The shooting at the Pulse Nightclub last June still casts a dark cloud over Orlando and the LGBT community. While Orlando residents and tourists alike visit the site of the shooting to pay their respects to the 49 victims, the victims’ families are fighting for justice and compensation in court.
Unfortunately, these families appear to have hit a roadblock, and their case may be thrown out of court. What happened?
To understand, you first have to know who the families were trying to sue and why.
Who Is the Lawsuit Against?
The person behind the Pulse Nightclub shooting was Omar Mateen. Before the shooting, Mateen was working as a security guard for G4S Secure Solutions. His job allowed him to have a firearm. Mateen had been an employee at the company for nearly nine years.
Although he passed multiple background checks, Mateen was investigated by the FBI in 2013. At the time, Mateen told numerous coworkers that he was connected to a mass shooter and other terrorists. The FBI dropped the investigation after Mateen said that he had made the story up in order to end harassment from his coworkers.
Based on this, the victims and their families are filing a lawsuit against G4S, claiming that the company knew Mateen was unstable and still allowed him to have a firearm license.
In addition to G4S, the families are also filing a suit against Mateen’s wife, Noor Salman. She allegedly knew about Mateen’s plan to carry out the shooting and even accompanied him to potential shooting locations. Salman was arrested in January 2017 for federal charges, including obstruction of justice and aiding and abetting Mateen. She is currently awaiting trial.
Why Is the Lawsuit Being Thrown Out Now?
There are a couple of different reasons.
First, the District Judge involved in the case has raised questions as to whether or not a federal court was the right place to handle the claim. A federal case typically involves citizens and businesses that reside in different states. G4S is a British company, but conducts most of its business out of Florida.
In addition to the questions of holding the case in a district court, there are questions about the validity of the claim itself. In both cases, victims’ families are claiming that G4S and Salman could have prevented the Pulse Shooting from happening.
While Salman’s role in the shooting is more obvious, there are questions about what G4S should have done differently. Sure, the company could have restricted Mateen’s gun use, but in negligence cases the defendant had to fail to fulfill a duty to the plaintiffs. What did G4S fail to do? How did their negligence cause the shooting? How did their negligence specifically cause the financial damages the plaintiffs are asking for?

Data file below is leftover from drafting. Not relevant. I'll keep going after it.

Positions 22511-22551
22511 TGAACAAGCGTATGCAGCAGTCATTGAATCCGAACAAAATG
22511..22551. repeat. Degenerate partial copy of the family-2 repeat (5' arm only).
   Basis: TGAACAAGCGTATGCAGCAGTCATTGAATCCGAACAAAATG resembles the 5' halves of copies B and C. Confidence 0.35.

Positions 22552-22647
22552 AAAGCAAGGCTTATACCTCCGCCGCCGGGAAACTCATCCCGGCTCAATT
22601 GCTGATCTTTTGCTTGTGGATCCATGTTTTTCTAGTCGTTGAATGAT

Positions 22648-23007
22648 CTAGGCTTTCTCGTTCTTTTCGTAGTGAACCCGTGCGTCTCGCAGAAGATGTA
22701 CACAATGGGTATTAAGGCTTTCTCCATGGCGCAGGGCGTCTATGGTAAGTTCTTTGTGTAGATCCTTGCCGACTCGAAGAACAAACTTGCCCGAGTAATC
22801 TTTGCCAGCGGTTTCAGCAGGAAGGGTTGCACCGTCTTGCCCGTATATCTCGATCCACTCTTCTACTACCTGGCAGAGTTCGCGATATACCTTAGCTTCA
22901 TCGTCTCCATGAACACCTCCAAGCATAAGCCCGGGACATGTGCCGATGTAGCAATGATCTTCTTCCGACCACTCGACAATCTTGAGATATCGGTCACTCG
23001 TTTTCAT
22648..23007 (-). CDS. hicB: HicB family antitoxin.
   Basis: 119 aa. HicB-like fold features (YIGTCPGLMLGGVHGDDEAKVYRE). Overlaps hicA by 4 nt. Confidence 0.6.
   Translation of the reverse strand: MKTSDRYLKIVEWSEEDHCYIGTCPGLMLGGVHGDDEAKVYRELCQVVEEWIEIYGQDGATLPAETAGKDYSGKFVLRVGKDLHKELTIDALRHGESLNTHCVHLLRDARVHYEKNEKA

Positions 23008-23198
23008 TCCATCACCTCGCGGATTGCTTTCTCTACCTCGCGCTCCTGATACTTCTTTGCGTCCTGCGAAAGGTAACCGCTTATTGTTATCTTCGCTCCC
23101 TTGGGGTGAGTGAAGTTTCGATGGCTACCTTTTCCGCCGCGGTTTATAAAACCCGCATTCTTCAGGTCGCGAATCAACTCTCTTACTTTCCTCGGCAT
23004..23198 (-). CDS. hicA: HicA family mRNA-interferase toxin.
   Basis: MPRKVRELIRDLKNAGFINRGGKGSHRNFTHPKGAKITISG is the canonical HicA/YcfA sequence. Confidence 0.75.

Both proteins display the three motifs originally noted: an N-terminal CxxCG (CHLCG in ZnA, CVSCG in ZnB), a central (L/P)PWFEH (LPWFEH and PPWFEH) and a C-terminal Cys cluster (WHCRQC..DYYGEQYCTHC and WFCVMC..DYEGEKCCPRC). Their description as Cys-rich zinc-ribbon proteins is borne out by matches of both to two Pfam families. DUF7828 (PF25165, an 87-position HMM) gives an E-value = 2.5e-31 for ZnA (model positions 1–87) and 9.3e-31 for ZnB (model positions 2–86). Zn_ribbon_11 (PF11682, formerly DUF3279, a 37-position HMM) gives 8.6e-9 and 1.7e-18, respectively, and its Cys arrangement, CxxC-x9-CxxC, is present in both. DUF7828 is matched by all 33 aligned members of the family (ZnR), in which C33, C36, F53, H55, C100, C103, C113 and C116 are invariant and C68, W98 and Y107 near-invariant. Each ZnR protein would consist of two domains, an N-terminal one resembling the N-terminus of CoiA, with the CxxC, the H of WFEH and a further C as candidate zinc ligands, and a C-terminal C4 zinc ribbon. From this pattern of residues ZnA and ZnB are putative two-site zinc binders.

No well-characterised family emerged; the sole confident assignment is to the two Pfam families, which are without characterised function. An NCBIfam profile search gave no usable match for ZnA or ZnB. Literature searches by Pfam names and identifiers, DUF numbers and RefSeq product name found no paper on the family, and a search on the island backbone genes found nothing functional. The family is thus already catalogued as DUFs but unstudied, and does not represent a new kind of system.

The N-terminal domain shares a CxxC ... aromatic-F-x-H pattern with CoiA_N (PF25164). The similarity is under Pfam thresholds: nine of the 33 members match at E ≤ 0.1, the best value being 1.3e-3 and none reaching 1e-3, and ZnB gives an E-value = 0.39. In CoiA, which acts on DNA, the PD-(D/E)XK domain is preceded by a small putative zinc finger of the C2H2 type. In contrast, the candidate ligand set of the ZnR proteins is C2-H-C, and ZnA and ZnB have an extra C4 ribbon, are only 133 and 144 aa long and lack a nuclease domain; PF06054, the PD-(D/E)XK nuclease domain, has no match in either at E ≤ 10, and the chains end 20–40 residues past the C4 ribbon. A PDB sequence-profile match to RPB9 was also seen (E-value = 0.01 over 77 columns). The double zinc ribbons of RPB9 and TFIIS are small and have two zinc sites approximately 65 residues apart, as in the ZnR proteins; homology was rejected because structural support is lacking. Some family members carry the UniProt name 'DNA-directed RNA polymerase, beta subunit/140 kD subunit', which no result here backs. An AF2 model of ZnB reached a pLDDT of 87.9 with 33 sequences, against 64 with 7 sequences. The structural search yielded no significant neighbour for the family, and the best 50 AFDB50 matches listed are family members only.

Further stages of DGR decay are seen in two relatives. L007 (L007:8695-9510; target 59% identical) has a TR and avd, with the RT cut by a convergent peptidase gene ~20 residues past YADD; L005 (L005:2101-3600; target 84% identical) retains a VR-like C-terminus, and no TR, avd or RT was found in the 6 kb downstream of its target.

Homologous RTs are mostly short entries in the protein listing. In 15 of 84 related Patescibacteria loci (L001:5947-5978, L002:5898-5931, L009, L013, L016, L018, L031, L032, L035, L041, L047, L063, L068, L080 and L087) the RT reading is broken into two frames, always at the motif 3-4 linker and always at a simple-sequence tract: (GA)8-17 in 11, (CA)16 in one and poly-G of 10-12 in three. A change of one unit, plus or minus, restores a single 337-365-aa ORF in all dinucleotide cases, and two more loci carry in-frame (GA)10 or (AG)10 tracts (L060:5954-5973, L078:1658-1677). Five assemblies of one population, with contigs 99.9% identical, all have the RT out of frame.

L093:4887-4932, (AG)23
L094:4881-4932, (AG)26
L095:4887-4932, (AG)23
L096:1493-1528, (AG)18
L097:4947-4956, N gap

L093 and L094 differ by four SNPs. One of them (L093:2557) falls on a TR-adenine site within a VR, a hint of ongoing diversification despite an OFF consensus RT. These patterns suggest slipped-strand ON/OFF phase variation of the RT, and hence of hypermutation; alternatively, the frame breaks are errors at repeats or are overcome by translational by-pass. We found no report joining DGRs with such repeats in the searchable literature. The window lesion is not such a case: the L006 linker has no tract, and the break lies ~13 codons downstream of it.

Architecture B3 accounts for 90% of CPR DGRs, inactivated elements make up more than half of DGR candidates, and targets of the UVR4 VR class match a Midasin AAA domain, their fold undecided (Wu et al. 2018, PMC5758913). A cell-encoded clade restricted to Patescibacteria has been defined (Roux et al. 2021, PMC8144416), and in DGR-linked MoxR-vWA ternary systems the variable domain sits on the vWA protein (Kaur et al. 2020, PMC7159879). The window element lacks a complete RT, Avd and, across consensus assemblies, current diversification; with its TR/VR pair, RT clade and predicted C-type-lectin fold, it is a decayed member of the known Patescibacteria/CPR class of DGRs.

How to Prevent This Situation When Filing a Personal Injury Suit
This is not the first attempt by families of Pulse victims to file a lawsuit for compensation. Earlier, families of three victims sued Facebook, Twitter, and Google, claiming that they provided Mateen with material on ISIS and radical terrorism.
Bringing a lawsuit, especially against large companies like G4S or Facebook, can be very risky. If your case is thrown out, you will have expended time, money, and effort without any reward or justice.
Suing Facebook and Twitter was a long shot. It’s a pretty big stretch to essentially put the blame of the Pulse Shooting on three of the largest distributors of information in the world. The arguments against G4S and Mateen’s wife have more merit, but the questions raised there are also valid.
What does this mean for you? As a potential plaintiff, you need to think critically before filing a lawsuit. Make sure you review the case with a lawyer and come up with answers to questions like the ones above that a judge may ask.
There may be a long list questions that need to be answered, and many layers to be looked at for different types of personal injury cases. If a judge can’t see an initial connection between the defendants, the accident or injury, and the financial damages that the plaintiffs are asking for, then the case will likely be thrown out before it is properly heard.
These details, as well as questions about the right court for filing the claim, are not always cut-and-dry answers. As you prepare to file a claim, you should consult with an experienced personal injury lawyer. A lawyer with years of experience working in Florida or personal injury law can help you avoid pitfalls that could have your case thrown out.
About the Author:
John K. Lawlor, a South Florida personal injury attorney who focuses his practice on complex personal injury, wrongful death, and professional malpractice, founded the law firm of Lawlor, White & Murphey in 1996. Since 1995, Mr. Lawlor’s trial advocacy and litigation skills, as well as his wide-ranging legal expertise, have provided plaintiffs and their families with a distinct advantage when seeking financial compensation and justice for injuries caused by the negligence of others. Mr. Lawlor is an EAGLE member of the Florida Bar Association and an active member of the American Association for Justice, the Broward County Justice Association, the American Civil Liberties Union (ACLU), and several professional associations.